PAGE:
No space to land

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Many groups of migratory shorebird appear to be showing widespread decline. Recent research on migratory birds and shorebirds in Japan and around Australia indicate that some species appear to have declined by anywhere from 30% to 80% in the past 15 to 30 years.

Most migratory shorebirds feed in the non-breeding season on invertebrates living under the mud and sand. On their northern migrations these birds must stop at least once at habitats rich in food to fatten up again. One of the most important and widely used areas to stop and refuel is in East Asia’s Yellow Sea.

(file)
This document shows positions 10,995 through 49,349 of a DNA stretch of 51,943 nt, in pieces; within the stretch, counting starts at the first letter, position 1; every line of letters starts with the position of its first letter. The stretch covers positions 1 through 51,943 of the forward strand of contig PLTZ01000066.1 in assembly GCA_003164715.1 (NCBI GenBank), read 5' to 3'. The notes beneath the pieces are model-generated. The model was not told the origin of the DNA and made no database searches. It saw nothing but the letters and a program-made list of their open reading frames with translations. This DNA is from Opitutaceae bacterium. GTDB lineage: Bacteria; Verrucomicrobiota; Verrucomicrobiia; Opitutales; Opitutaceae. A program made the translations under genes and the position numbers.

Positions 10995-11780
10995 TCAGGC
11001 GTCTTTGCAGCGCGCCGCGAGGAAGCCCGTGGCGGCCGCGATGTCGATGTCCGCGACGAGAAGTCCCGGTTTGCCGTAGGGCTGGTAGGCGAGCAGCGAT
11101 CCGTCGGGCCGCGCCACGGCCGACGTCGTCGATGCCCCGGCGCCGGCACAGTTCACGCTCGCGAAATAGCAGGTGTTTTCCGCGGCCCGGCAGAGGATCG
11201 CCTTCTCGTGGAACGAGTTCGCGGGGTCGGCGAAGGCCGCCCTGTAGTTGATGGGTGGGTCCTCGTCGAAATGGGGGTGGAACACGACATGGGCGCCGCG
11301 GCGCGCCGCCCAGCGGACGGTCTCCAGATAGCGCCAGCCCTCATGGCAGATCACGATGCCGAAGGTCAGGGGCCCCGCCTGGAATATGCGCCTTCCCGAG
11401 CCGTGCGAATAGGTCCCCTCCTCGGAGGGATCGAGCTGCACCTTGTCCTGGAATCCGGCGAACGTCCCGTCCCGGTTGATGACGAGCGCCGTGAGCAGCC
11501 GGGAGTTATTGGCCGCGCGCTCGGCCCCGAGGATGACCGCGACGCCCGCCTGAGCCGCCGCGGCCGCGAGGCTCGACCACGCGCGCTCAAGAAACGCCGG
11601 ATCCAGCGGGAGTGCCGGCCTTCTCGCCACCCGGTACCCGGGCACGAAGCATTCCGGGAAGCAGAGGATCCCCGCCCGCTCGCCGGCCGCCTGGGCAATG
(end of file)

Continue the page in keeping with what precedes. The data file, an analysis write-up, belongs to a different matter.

There is growing evidence that the critical refuelling habitats in the Yellow Sea are declining rapidly (see Nick Murray’s story on page 8). In fact many decision makers in these areas view intertidal habitats as an easy place to reclaim cheap land from the sea for other uses, something that has been witnessed in the past in many wetlands of Australia. The increasing popularity of these kinds of developments over the past few decades can easily be seen from space.

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